Decano’s technology is entirely mechanical and relatively inexpensive. It’s designed to handle traffic at 25 mph speeds, but the company is working on an electric version for higher speed limits. Of course, the additional technology will likely bump the price up.
I'm riding from Connecticut, USA to Panama next year and am trying to work out a route to Panama from the US border with Mexico (Nuevo Laredo) avoiding surfaced roads. I'm having difficulty, the tracks and trails on the Mexican maps I've bought so far don't seem to agree with Google maps satellite views. From that I assume the maps I have are no good.
Can anyone help please?
By avoiding "surfaced roads" I assume you mean paved roads. There are some nice routes on dirt but it would take you a couple months to travel all the way through Mexico on dirt roads. One good resource for dirt roads is E32 cartography. Another is Bicimapas. You would need to use a paper map as well, like the Geology Survey maps whose name escapes me.
These routes can be very remote and rough and not advisable to travel alone IMO. Saludos, JIm
Where in CT?
Yes, dirt roads. I've got about 2 weeks maximum for Mexico so we'll have to get a move on. I'll be travelling with one or two others.
I'll check out the maps you've suggested, thanks.
What does IMO mean?
Hartford, CT. I live in the UK but have a bike stored there for american trips.
Ifa, my limited experience sez you'll run into dirt occasionally no matter which route you select.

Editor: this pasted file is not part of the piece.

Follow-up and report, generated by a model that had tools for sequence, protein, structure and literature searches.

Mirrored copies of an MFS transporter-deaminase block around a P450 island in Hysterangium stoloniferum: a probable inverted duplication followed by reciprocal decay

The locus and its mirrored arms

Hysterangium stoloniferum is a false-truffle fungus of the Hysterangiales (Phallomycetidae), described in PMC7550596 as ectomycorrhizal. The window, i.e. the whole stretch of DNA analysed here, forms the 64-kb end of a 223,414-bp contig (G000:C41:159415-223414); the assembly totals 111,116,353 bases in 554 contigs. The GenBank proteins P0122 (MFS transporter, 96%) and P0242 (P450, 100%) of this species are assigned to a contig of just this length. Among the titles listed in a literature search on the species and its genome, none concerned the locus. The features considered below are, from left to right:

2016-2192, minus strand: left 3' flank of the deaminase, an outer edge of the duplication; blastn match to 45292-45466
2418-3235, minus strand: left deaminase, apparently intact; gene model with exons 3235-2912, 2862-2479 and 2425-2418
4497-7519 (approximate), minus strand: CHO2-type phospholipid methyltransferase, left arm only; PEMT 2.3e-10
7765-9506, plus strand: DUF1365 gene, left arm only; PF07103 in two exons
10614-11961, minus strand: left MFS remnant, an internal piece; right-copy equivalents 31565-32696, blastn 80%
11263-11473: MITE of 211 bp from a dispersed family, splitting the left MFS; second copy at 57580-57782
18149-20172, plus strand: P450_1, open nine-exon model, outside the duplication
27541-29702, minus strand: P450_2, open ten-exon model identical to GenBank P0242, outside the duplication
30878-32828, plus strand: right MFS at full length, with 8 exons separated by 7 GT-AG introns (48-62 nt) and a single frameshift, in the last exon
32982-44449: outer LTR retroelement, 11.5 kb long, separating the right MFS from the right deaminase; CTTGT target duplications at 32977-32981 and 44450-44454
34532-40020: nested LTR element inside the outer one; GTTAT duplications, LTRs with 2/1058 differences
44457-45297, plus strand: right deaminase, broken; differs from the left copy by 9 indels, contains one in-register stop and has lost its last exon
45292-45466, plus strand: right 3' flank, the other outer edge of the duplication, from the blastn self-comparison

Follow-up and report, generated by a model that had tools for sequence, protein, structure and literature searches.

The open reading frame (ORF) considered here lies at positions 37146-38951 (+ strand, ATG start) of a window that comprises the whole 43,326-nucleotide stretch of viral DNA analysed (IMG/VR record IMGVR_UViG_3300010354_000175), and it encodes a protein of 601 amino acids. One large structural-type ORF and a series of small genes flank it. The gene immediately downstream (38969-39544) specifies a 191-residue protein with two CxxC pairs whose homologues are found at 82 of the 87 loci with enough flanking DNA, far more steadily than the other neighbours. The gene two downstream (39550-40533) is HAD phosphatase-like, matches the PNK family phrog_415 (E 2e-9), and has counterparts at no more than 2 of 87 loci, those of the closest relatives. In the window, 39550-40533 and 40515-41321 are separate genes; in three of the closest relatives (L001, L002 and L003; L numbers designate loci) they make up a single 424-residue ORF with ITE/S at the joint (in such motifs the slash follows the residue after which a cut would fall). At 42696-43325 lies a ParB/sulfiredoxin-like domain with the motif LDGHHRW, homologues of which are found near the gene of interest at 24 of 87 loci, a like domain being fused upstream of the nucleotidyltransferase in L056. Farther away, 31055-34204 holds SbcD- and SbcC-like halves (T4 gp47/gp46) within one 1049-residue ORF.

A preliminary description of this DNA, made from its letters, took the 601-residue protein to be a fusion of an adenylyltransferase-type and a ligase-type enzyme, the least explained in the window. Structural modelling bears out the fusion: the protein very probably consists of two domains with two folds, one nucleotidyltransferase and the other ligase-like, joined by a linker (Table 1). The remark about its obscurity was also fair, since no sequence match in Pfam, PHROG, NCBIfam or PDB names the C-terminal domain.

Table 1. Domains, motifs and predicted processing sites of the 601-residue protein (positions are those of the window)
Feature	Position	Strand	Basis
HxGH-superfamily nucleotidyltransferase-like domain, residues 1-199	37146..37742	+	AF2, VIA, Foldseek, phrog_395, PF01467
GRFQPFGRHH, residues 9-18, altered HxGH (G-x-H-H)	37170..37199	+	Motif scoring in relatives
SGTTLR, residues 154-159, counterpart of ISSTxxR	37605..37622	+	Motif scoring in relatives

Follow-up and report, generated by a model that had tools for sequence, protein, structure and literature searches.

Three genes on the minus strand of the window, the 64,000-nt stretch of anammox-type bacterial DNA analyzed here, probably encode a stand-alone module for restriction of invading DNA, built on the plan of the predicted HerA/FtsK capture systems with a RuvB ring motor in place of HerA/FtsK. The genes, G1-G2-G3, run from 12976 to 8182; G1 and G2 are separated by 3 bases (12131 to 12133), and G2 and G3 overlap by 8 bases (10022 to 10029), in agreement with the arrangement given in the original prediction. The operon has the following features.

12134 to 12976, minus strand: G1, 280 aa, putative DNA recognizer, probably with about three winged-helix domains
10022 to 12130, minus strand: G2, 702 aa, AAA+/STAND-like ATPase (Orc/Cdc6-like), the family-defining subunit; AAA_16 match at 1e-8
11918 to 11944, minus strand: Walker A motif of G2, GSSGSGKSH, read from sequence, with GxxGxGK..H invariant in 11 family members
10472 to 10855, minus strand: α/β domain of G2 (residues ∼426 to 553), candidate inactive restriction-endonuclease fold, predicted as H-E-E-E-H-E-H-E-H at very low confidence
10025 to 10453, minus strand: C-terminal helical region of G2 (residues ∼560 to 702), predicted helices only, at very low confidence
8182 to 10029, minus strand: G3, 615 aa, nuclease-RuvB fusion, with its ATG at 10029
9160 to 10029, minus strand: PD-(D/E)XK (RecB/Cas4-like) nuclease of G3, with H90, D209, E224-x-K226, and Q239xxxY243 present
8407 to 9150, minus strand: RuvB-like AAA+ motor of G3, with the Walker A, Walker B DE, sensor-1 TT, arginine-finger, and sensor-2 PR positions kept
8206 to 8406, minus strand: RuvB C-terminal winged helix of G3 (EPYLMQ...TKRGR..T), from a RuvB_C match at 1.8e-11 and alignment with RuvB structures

Enjoy, sounds a fun trip.
If the road washouts are as prolific as Mike describes you could
probably avoid pavement by following much of the shown highway
system of your maps
In Spain they have another simple way to slow traffic on bypasses
through built up areas . It consists of traffic lights at intervals connected with
photo radar sets These lights are not at intersections but simply placed on clear view
straight sections . If you drive the speed limit the light will stay green as you
approach and allow you through unhindered. If you are speeding the light
turns red forcing you to stop or slow down drastically . If you ignore the red and drive through your license plate (and maybe your face too) is photographed and you will
receive a fine notice in the mail. European Union traffic tickets are now
collected in most other non Euro countries because of mutual agreements.
As I said before, I have no illusions about Mexico and the demise of topes but it never hurts to indulge in some thinking about possible scenarios .
Google Earth is the best way to determine if a road is paved or not.
There is lots of dirt in Mexico, but most of it is in remote areas that don't go from one place to another very fast. There is generally more dirt in the larger open areas of Western Mexico then in the more populated areas of Central, Eastern and Southern Mexico. The dirt roads in Western Mexico tend to go E-W with the topographic drainage patterns of the western Sierra and it would take you a very long time to go across the grain from northwest to southeast across the country.
Coming in from the Laredo to Central, Eastern and Southern Mexico there is a lot more pavement than you might think. In a lot of places if you want to stay on dirt you will find yourself riding through dirt agricultural fields with paved road roads running parallel to you.